First Sen. Chris Dodd, now running for president, announced the event on the Don Imus show; then he gave several interviews in Washington DC, the senator’s theatre of operation, where the anti-President George Bush war room is located; then he went on the stump in Iowa and South Carolina where, along with congressional pal Sen. Joe Biden, he called upon the citizens of that great state to remove the confederate flag, now on display within sight of the capital building, to a museum of their choosing, where it belongs; then he went back to base camp in Washington DC to hobble the efforts of the president to raise troop levels in Iraq, though he has not yet demanded that Bush be removed to a museum; and finally – ta’da, a flourish of trumpets please! – the tribunes of the people have reported that Dodd will on Friday, Jan. 18 – mark it on your calendars -- return to his home state to tell the good old boys that he is running for president. A little late, grumbled the Hartford Courant’s chief political writer, David Lightman.
Ah Connecticut -- always the bridesmaid, never the bride – why do you put up with these flirtatious smiles and come hither looks, when you know Dodd has pledged his troth to others, several others?
Dodd unofficially opened his campaign on October 16, when he gave a speech, “Moral Authority in the 21st Century: Lessons from Nuremberg,” to the Council on Foreign Relations in New York, the village that helped raise Sen. Hillary Clinton to be a candidate for president.
The speech is noteworthy, among other reasons, because it demonstrates a profound misunderstanding on Dodd’s part of the uses of war, a topic that future commanders-in-chief should be well versed in.
Dodd conflates war and peace in his speech and seems unable to grasp the notion that wars successfully prosecuted by virtuous nations historically have been followed by long stretches of peace and prosperity.
The American Revolution, prosecuted successfully by George Washington -- whose military success was at least as important to the new nation as his political prowess -- was followed by a long stretch of internal peace, until the first shots of the Civil War were fired at Fort Sumner. The founders of the American Republic proposed a novel answer to the first and most important of political questions: Who shall rule? But it was the war against Great Britain that decided the issue. Had Washington and his rag-tailed troops lost the war, all the blessings we now cherish – our form of government and our very freedom – would have been aborted in the womb. The same is true of the Civil War, which answered two questions: Lincoln’s question, “Can we remain permanently half free and half slave?” and the question of unity, “Are we one nation, indivisible?” These questions, both present in the blood stream of the American Republic at its bloody birth, were not settled by diplomats, congresses and presidents. The victors in two successfully prosecuted wars decided these issues.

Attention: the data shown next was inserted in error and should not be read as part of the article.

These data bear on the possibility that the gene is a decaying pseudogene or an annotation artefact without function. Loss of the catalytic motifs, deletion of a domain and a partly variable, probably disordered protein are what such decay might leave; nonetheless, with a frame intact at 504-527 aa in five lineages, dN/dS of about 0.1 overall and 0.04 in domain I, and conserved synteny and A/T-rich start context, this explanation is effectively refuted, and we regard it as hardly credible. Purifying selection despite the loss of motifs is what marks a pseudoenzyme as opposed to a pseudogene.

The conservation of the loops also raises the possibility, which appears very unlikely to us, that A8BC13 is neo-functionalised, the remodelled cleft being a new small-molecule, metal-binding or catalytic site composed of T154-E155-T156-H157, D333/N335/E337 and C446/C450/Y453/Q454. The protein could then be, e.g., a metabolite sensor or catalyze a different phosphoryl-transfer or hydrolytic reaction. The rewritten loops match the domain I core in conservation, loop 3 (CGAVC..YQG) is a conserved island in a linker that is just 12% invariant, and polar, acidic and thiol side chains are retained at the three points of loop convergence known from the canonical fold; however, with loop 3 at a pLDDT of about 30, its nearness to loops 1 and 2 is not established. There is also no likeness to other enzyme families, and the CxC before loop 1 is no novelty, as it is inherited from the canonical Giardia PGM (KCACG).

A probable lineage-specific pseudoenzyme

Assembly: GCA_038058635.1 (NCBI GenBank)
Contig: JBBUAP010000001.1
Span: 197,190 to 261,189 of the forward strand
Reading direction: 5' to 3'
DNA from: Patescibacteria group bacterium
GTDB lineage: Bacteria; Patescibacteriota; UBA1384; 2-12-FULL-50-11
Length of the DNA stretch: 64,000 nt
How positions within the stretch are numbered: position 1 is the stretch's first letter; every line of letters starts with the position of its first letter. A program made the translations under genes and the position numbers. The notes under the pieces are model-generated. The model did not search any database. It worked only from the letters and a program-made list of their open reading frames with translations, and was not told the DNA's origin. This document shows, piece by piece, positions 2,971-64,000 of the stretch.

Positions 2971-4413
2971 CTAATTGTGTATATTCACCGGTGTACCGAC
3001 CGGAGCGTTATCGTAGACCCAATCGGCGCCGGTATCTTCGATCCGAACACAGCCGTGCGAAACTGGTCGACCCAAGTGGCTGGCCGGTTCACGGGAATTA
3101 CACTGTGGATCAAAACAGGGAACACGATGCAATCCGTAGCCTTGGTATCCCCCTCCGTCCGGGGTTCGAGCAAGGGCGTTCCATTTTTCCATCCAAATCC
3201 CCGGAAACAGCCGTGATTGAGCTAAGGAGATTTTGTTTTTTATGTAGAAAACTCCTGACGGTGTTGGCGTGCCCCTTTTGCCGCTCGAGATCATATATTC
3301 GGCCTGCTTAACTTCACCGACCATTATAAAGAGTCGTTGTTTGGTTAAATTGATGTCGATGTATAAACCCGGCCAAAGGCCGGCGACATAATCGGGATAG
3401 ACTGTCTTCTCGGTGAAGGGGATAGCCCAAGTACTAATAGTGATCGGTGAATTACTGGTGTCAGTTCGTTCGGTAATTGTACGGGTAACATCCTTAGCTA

With a curtsey to his father, Senator Tom Dodd, a fierce proponent of liberty and freedom and an ardent anti-communist, Dodd in his speech tied the “moral authority” exercised by the United States in the post war period to peacemakers whose feet were firmly planted on “the path of engagement and multilateralism” and who provided in Europe and Japan a “new hope for progress in impoverished nations, and a growing international acceptance for legal standards that recognize the inherent worth and rights of all human beings.”
All this is true. But Dodd pointedly does not acknowledge in his speech that the indispensable precondition of all the blessings that followed in the bloody wake of World War II was that the United States and its allies were the victors who shaped the peace that followed the war. The victors of that war and their allies imposed terms of peace on the vanquished. The United States forced democracy on Japan but were less successful in Germany, which was partitioned; the Soviets dictated the terms of peace in East Germany.
The point Dodd will not acknowledge is this: Who wins a war matters, because the victors in a war shape the peace that follows. The founders of the American Republic could not have negotiated a Bill of Rights with Britain had Washington been decisively defeated in battle. If the troops marshaled by General Eisenhower at D-Day had not prevailed over the Germans, no Nuremberg trial, celebrated by Dodd in his speech as a harbinger of peace and good will, would have followed the war. What is lost in a war cannot be recovered through diplomatic ventures.
It would be cheering to hear presidential candidate Dodd acknowledge this lesson of history in one of his future campaign speeches. But, of course, such an acknowledgement in present conditions might open what is in Connecticut amusingly called the "debate" on the Iraq war to a discussion of the consequences of victory and defeat, and there are some subjects prospective Democrat presidential candidates would like to smother in silence.